Burma (officially Myanmar), a beautiful country of proud people but frozen in isolation and military repression, is coming alive. Some prominent democrats in exile, spread in a diaspora from the Thai border through to Canada and Europe, are glimpsing a flicker of hope in the election set for Nov. 7. Can change really be drawing near?
Waiting 20 years for a general election is a long time. It's even longer if the victory you clearly won in 1990 was brushed aside by a military regime that had already ruled disastrously for 28 years. And it's heartbreaking to watch the army brazenly prepare for this new election under a tortuous constitution that guarantees the perpetuation of military dominance.
As an opposition leader, what do you do?
Nobel Peace laureate Aung San Suu Kyi and her National League for Democracy, which won 80 per cent of the seats in 1990, denounced the whole process and didn't register to take part in next month's election. The military-controlled Election Commission promptly announced the NLD's dissolution. Ms. Suu Kyi ignored this, telling party offices to continue flying the Fighting Peacock flag.
The All Burma Monks' Alliance is also boycotting the vote. On behalf of the country's 400,000 monks, the alliance led the non-violent Saffron Revolution, which the army vigorously suppressed in 2007.
But some groups see the election as a foot in the door. A breakaway NLD group, the National Democratic Force, has found enough funds to field some 160 candidates, each paying the equivalent of a $500 registration fee. And more than 35 other parties decided to fight this uphill battle.
The 2008 constitution and the Election Commission's actions (banning all three Kachin state parties, for instance, and putting strict controls on campaigning) load daunting odds against opposition parties gaining any real influence in parliament or state legislatures.
Yash Ghai, a Kenyan-born United Nations adviser, has written a devastating 37-page analysis of the constitution, concluding: "The denial of justice, liberty and equality (indeed the fear of these 'virtues') is inscribed in virtually every principle. … The only objective that the constitution will achieve is the privileged position of the armed forces."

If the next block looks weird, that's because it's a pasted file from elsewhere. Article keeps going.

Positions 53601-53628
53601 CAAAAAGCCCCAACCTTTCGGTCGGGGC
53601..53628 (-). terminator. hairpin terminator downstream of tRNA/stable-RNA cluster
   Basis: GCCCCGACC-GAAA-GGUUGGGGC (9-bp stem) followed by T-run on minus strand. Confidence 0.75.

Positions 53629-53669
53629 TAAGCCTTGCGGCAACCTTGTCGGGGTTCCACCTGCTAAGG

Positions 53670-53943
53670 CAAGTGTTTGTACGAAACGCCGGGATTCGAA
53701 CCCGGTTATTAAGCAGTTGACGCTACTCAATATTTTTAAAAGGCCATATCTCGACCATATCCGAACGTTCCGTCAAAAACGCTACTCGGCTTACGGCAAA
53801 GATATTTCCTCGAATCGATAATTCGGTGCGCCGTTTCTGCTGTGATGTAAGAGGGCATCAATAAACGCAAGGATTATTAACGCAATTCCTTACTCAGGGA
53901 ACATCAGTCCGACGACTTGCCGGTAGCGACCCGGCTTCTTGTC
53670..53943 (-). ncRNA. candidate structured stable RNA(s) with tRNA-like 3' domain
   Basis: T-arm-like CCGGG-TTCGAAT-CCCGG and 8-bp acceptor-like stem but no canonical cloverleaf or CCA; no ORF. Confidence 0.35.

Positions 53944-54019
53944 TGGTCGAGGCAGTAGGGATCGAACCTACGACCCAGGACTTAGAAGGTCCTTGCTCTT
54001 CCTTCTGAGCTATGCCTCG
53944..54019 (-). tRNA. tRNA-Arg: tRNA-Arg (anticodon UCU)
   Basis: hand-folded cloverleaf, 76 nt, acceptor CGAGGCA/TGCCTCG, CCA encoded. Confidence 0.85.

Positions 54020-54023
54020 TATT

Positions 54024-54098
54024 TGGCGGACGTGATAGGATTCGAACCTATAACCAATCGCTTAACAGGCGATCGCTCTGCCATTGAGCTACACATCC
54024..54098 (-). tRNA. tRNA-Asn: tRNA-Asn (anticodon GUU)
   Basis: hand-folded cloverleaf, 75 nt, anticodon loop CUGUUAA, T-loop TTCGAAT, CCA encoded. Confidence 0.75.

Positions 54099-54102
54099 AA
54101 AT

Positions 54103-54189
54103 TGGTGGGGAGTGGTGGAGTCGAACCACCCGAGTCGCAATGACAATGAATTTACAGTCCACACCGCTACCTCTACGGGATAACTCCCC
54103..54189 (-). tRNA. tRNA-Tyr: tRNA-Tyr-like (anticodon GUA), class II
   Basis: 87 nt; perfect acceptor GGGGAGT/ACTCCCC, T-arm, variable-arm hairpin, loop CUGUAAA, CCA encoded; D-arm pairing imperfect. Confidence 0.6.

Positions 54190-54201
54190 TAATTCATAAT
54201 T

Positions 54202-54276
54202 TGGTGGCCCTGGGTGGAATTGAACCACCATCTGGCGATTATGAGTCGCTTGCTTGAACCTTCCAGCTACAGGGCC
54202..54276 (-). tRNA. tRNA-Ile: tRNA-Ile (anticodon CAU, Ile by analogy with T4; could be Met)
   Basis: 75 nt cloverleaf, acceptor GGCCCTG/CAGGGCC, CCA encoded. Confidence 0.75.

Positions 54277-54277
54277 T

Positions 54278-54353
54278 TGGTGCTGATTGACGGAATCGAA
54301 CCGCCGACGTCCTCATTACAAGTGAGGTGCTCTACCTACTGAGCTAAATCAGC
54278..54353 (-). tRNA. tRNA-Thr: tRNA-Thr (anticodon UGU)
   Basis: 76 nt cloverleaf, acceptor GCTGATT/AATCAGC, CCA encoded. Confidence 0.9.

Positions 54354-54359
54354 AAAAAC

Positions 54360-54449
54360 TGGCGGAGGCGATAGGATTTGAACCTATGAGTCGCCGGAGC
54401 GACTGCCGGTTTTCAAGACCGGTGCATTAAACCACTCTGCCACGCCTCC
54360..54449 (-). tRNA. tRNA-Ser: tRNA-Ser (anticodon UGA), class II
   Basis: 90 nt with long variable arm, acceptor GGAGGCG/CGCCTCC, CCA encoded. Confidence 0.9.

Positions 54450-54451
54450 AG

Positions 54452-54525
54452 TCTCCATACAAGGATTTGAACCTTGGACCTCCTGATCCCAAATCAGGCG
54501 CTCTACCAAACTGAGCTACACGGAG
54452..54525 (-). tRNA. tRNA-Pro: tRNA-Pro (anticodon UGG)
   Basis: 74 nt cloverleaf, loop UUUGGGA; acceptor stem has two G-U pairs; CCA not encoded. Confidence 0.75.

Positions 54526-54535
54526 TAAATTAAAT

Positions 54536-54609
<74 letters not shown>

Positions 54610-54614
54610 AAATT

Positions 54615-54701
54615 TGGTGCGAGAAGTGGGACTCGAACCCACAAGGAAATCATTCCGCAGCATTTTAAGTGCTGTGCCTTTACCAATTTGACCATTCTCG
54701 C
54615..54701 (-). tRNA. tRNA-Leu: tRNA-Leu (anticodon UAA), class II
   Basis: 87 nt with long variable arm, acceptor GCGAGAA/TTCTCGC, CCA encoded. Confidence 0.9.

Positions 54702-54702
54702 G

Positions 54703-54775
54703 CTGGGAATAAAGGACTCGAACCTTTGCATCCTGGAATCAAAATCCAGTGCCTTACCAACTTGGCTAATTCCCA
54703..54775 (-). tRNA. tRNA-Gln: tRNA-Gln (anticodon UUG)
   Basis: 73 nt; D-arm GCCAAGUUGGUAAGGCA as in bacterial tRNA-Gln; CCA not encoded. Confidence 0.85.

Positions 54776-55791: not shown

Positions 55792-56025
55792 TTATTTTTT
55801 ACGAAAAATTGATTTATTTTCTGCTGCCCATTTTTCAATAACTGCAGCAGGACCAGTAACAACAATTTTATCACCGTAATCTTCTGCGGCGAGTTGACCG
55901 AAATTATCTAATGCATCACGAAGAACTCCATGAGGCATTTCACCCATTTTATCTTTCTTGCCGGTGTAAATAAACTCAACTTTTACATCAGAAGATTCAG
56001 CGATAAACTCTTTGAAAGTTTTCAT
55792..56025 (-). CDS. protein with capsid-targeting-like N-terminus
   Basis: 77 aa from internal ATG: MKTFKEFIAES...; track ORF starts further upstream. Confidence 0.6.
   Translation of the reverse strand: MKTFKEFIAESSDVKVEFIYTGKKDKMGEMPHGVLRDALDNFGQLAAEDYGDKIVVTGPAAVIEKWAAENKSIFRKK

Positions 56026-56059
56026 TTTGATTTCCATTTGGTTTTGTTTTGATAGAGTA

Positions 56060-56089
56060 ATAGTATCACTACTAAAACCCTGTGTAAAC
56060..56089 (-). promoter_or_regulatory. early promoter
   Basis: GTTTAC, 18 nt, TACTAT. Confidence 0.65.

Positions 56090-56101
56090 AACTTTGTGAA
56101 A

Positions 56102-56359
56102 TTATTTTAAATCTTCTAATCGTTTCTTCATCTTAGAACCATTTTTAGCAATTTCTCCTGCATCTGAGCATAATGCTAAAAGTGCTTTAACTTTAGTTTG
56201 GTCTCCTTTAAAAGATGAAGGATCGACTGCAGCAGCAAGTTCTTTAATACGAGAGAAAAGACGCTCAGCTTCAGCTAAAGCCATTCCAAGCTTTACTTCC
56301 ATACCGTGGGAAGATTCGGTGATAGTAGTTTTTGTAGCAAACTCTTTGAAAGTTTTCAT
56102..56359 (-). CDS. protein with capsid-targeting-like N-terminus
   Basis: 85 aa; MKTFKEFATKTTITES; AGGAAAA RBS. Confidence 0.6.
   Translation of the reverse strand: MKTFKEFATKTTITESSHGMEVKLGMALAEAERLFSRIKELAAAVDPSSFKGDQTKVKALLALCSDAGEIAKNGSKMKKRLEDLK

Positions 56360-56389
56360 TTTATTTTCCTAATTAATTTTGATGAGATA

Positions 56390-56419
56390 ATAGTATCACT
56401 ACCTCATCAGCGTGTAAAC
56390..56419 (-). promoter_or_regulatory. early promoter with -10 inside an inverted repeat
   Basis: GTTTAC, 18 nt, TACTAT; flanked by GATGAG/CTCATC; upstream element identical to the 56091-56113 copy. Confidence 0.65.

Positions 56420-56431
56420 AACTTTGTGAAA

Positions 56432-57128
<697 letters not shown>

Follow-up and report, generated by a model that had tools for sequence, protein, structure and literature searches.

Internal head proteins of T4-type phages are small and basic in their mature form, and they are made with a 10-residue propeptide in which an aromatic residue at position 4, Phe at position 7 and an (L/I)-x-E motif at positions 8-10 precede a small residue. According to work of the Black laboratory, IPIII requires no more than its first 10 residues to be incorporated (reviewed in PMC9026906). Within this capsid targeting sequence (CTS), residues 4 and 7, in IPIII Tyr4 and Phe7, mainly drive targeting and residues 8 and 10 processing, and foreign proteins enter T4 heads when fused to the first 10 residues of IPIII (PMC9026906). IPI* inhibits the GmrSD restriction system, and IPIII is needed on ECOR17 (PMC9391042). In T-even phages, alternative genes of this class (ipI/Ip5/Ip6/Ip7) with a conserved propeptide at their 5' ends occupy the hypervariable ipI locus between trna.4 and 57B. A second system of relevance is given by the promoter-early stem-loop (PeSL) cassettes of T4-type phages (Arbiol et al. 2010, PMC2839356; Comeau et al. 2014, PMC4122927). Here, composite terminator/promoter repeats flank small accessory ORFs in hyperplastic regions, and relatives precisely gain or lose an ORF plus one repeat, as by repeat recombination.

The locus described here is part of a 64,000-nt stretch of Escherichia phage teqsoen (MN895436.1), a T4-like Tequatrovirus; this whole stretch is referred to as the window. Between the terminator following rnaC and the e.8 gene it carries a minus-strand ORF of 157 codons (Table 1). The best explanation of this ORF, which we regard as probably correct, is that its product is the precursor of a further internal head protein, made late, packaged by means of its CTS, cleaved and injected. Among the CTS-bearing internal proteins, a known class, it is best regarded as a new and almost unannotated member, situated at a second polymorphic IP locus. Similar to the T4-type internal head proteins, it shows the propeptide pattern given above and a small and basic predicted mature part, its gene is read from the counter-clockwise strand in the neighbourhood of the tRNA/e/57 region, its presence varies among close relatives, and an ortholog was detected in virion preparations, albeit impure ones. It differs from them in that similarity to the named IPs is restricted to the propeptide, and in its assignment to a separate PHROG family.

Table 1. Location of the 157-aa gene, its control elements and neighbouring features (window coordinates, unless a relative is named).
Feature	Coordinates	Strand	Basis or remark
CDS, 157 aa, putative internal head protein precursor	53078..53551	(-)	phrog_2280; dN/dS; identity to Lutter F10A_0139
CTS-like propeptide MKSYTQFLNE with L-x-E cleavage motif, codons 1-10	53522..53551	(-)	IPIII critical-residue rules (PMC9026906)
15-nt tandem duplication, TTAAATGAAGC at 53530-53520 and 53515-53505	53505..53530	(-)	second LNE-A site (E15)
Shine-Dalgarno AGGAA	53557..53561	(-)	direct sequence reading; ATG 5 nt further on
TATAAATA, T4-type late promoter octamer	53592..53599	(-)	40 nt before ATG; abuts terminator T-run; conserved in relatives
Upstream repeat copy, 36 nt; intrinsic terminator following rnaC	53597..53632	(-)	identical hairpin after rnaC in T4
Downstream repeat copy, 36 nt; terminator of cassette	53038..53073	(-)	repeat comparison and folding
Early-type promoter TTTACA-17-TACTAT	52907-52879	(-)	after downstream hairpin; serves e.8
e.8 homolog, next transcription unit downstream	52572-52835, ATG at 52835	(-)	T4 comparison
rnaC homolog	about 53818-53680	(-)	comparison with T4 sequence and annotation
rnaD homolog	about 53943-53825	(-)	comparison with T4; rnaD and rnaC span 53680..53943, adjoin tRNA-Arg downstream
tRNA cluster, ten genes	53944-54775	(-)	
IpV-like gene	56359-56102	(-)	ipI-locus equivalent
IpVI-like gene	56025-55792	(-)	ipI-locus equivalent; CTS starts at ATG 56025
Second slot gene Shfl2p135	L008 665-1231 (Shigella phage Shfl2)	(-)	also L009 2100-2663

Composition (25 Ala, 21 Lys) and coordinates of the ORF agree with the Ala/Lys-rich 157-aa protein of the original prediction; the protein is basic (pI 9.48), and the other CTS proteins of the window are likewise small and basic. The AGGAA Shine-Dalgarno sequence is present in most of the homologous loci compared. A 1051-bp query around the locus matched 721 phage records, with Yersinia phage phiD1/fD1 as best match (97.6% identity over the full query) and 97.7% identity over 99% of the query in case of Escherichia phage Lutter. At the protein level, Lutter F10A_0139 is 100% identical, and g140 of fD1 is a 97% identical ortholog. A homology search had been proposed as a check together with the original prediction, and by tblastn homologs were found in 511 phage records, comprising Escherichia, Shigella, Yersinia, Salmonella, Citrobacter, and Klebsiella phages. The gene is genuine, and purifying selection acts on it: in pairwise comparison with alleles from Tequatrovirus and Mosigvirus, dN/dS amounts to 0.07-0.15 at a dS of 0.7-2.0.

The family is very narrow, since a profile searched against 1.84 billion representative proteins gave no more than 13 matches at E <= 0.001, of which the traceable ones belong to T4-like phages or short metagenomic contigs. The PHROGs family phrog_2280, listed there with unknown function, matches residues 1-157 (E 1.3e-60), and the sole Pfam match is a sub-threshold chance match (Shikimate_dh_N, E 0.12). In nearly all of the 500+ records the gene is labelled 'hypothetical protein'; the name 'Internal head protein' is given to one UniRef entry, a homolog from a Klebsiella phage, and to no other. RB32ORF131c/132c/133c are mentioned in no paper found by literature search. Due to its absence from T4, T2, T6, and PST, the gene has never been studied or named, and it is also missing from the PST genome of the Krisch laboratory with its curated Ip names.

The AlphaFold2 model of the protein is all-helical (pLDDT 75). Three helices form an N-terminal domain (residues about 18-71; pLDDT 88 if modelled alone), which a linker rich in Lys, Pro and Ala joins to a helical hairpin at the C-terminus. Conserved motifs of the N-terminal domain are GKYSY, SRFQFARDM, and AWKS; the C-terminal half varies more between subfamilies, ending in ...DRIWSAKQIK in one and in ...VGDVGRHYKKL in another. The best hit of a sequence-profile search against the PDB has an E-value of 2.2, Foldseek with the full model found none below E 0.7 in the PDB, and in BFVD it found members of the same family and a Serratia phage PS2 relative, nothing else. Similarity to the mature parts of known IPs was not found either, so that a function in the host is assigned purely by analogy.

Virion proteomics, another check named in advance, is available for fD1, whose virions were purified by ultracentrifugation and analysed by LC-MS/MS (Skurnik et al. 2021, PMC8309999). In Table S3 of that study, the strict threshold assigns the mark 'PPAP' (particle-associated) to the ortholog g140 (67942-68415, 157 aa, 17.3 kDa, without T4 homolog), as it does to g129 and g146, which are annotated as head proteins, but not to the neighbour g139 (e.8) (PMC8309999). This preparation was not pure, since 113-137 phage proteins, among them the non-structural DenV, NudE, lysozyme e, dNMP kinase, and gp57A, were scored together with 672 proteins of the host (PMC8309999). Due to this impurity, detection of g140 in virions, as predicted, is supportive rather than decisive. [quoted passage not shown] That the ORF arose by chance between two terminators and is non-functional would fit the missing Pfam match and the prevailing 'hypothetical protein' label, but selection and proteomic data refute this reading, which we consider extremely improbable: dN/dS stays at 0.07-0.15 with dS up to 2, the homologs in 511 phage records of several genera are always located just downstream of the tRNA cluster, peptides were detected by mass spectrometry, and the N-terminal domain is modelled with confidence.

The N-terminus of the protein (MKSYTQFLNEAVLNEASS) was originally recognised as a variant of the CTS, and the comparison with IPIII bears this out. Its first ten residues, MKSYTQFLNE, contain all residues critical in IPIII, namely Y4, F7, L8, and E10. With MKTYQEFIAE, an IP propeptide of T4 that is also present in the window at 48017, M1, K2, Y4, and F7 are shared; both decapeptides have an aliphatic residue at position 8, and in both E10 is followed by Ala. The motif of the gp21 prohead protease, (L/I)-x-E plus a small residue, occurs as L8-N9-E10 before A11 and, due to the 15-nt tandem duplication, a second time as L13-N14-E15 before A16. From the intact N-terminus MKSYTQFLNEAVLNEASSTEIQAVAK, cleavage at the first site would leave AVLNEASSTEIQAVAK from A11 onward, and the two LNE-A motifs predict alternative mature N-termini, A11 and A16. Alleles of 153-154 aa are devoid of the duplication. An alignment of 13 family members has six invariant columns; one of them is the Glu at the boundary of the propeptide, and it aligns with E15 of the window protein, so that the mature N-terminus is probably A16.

Indeed, the generals' efforts to appear as democrats should inspire satire. From sketching a "road map" in 1992, they formed a national convention weighted against the NLD delegates, who soon boycotted it and started their own constitutional deliberations - whereupon the generals announced heavy penalties for such independent attempts.
After a dormant decade, the generals revived the convention and submitted a secret draft to some lawyers and professors. Then, without any public education drive, they held a referendum during the chaos of the catastrophic cyclone of 2008 when 140,000 people were killed and communications were disrupted - and claimed almost unanimous approval.
One-quarter of the seats are reserved for the military. More than two dozen top generals have taken off their uniforms to run for other seats on behalf of the army-backed Union Solidarity and Development Party. The president that parliament elects must have had military experience.
What can the world do? China, with the most influence, will be happy if stability continues. Will Ms. Suu Kyi, whose latest house arrest expires in November, recover some influence with those democrats who manage to get elected? Will leading exiles change tactics and try to engage in this scene, while pinning their real hopes on an election in 2015? So many questions.
Clyde Sanger, an Ottawa-based writer, is the author of Looted Land, Proud People: The Case for Canadian Action in Burma .